It was not that Malvika experienced no trouble. Every passing insensitive stare or comment and the heaviness of her hands, the constant dressing of her splinter ridden legs and the pain, frustration and trauma she endures are unfathomable. For her this was part of a learning and a reason to never look back.
Malvika completed her degree in Economics from the prestigious St. Stephens College and her Masters in Social Work. It was during this time she had the opportunity to work with differently- abled children. Her ability to empathise and understand them made her come to realize her true calling.
She was invited to give her first TEDx talk in the year 2013, and that was when she realized that the more she shared about herself the more she was able to accept herself. Ever since then, she has been giving talks at corporates, schools and colleges. She says, “Only my first speech was pre-written, from then on it has always been straight from my heart!” Trying to fit in and be normal was fun but also very stressful and exhausting. Her passion in giving motivational talks gave her the much needed self confidence and self acceptance. This eased a lot of pressure on her and also gave her the opportunity to go outside India to spread her message.
She was invited to host the India Inclusion Summit where she met a host of differently abled people who had overcome their difficulties or were in the process of coping with the same. Being an active social media person gave her access to a lot of people similar to her. Interacting with them was, she says, ”A two way journey. When I talk to someone, it helps me, and in return they were being helped and inspired by my story.”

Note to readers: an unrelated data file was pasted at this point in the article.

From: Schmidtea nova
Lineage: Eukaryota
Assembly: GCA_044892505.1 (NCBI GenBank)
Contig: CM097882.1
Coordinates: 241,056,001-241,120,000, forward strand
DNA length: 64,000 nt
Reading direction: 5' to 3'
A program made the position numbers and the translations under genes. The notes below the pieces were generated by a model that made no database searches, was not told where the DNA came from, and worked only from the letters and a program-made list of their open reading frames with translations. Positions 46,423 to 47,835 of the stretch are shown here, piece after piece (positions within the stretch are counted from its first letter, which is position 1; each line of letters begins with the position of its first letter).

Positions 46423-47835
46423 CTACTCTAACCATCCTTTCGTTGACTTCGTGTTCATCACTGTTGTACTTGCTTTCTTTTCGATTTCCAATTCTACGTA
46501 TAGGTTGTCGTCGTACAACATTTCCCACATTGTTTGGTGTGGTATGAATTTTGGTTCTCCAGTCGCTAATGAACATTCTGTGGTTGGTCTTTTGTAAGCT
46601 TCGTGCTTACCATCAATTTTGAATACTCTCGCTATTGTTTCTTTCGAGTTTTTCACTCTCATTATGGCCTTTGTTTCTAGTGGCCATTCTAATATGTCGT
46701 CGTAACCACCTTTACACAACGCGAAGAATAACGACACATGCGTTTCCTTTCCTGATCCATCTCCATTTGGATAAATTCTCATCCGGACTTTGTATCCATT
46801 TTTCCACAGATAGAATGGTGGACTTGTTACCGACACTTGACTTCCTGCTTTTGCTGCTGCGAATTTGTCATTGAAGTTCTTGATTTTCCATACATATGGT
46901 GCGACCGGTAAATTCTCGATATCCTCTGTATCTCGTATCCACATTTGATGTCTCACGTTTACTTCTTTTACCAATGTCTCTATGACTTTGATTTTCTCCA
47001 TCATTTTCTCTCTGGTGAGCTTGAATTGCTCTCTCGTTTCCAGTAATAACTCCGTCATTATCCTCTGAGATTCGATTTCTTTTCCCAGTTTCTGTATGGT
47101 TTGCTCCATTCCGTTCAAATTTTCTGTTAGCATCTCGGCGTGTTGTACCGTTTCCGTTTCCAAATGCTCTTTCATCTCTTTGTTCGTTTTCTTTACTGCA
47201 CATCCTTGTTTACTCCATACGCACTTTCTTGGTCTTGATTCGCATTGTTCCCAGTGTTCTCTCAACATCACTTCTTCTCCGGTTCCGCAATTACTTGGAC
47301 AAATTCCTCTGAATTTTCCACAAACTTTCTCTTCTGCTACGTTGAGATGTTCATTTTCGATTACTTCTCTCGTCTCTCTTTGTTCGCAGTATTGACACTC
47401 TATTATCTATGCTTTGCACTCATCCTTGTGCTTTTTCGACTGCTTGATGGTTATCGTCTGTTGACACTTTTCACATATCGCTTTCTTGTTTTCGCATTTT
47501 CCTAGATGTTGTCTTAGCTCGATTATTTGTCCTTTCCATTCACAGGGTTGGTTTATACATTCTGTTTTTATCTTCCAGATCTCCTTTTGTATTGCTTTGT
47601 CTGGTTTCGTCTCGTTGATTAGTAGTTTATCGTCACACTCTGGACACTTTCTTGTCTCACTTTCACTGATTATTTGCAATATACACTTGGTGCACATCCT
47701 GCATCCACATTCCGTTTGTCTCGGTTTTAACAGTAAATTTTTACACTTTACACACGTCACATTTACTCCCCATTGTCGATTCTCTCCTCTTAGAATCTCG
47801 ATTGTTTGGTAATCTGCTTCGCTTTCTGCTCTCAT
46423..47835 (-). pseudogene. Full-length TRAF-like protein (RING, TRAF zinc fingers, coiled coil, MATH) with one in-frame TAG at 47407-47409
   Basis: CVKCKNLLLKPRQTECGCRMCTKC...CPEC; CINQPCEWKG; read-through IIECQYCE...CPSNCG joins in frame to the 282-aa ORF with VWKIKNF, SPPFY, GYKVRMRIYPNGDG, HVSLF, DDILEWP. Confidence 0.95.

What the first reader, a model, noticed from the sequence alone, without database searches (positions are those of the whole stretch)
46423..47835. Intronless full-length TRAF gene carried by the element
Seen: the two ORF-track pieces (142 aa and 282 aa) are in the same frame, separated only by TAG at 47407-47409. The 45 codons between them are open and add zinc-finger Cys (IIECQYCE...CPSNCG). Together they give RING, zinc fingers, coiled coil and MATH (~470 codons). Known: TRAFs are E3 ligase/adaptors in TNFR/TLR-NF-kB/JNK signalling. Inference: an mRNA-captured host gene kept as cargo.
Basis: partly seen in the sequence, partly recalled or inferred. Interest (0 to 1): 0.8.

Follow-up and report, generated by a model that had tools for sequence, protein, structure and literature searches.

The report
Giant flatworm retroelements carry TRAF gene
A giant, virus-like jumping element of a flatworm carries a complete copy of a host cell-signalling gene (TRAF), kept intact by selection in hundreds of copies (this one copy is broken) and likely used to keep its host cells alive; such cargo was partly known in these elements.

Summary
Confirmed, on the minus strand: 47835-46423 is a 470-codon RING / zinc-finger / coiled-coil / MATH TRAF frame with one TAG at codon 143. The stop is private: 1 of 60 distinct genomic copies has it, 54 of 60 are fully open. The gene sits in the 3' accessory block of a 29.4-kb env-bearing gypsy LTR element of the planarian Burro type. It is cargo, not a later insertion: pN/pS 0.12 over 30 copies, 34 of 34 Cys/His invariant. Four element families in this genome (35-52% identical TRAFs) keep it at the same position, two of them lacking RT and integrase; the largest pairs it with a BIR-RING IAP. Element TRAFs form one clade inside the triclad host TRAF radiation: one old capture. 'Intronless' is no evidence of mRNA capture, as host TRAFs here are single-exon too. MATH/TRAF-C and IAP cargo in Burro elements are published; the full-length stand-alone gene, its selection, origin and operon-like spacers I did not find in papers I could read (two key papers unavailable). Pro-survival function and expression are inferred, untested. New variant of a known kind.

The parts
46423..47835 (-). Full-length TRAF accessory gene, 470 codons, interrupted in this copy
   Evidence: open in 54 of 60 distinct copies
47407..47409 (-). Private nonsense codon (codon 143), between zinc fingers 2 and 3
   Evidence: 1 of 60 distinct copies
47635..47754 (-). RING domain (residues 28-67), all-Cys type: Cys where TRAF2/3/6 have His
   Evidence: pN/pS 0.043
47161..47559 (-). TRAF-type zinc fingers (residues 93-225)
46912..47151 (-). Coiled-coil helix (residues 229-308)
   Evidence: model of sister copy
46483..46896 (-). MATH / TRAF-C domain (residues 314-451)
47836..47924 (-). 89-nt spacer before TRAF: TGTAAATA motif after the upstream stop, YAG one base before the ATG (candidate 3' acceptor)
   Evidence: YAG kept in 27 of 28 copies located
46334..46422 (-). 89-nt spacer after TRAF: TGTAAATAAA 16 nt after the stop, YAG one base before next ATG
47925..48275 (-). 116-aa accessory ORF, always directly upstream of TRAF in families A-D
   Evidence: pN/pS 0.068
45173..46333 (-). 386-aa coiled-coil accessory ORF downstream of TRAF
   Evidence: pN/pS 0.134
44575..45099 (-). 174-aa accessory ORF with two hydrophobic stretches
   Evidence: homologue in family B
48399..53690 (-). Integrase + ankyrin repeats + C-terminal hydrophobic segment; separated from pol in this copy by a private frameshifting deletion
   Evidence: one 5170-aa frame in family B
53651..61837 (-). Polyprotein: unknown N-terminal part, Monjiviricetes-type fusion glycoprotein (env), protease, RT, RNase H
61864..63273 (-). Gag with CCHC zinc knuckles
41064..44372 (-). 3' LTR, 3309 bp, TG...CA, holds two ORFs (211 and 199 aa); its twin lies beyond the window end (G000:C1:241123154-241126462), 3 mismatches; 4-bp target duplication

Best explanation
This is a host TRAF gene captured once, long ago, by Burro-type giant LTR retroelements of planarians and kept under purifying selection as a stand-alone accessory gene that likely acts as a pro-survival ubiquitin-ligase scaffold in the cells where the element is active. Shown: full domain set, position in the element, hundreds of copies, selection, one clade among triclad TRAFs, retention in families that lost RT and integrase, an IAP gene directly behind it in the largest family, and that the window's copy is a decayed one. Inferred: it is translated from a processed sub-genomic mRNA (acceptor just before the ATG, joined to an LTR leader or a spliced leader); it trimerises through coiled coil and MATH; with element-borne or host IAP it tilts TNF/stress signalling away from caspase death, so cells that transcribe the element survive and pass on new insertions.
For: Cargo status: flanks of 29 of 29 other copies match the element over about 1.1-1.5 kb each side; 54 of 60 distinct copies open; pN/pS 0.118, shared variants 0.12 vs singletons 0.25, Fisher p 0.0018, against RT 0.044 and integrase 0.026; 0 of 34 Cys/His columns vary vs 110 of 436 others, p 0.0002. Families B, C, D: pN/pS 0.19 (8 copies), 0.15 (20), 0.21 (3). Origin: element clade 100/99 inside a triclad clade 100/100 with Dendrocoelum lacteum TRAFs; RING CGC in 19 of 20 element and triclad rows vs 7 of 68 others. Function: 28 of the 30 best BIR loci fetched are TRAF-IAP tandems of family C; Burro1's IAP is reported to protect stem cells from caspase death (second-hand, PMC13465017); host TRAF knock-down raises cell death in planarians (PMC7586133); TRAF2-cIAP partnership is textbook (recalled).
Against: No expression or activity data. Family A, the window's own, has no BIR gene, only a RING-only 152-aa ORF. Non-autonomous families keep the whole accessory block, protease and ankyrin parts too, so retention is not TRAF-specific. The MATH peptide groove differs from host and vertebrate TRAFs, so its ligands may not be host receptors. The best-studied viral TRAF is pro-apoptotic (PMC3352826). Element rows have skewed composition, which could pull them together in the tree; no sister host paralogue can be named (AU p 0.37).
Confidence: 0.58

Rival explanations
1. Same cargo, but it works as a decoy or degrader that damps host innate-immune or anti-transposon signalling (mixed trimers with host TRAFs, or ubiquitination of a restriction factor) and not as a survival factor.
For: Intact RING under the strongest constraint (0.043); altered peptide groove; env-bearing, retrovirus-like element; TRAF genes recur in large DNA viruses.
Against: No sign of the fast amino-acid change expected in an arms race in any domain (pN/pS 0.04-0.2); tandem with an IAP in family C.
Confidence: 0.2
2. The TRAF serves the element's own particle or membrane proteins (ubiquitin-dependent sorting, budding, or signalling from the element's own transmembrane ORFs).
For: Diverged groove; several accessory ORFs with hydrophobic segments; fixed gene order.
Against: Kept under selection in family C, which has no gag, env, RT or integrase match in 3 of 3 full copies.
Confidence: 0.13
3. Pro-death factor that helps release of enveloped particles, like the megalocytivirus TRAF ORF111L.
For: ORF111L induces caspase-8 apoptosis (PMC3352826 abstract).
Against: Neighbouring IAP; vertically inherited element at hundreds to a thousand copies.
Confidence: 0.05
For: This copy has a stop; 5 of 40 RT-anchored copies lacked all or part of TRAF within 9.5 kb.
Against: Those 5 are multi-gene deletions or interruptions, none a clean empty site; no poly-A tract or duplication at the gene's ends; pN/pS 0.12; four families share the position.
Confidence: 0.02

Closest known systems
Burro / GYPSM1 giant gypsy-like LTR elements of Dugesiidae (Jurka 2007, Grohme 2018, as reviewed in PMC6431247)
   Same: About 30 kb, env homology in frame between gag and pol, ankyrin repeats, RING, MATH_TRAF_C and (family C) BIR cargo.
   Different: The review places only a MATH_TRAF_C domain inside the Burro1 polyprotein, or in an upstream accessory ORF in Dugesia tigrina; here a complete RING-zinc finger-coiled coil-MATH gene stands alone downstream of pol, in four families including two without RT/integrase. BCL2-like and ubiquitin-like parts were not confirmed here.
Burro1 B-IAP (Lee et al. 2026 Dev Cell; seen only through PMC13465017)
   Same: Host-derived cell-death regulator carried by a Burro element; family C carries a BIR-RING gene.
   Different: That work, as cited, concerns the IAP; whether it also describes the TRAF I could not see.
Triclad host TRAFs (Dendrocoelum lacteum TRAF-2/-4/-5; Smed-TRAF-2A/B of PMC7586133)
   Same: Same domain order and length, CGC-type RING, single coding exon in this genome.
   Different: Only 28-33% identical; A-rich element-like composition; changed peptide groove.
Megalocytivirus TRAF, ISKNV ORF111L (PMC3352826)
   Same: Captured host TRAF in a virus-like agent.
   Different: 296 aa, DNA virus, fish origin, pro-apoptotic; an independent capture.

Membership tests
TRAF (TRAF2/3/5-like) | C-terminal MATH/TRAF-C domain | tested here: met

Malvika did not let her passion for fashion wither. Ten years ago she was told she would never lead a normal life, let alone walk! Today, another colourful feather in her cap comes in the form of being a showstopper, in a fashion show for Accessible Clothing. The students of NIFT had designed two evening gowns especially for her. “The experience was truly amazing”.
This is not the end, but the beginning of a momentous journey for Malvika Iyer. She is rearing to do as much as she can, to the extent that she has begun dancing again.
Her story is a shining example of what will power, positive attitude and belief in one’s abilities and accepting one’s disabilities can do along with trying to be normal and fit in. Being normal is very personal and it does not have to be what everyone thinks is normal. Here she chips in that, ”It is not the curiosity but the insensitivity people show towards differently abled people” that hurt her the most. Over the years she has got accustomed to reactions of people, so much so that on a hot day, I don’t feel bad to take off my hands to cool down.” One of her visions is to making public spaces, parks, theatres etc. more disable friendly- citing the Delhi Metro as a befitting example. With her mantra in life being, “no expectations and hard work” and her tremendous passion for her life and people, nothing can stop this Advocate for Inclusion.
My biggest takeaway from Malvika’s story is that things turn out best for people, who make the best, of the way things turn out!
What inspires you to push through the challenges that life throws your way? We’d love to hear your thoughts.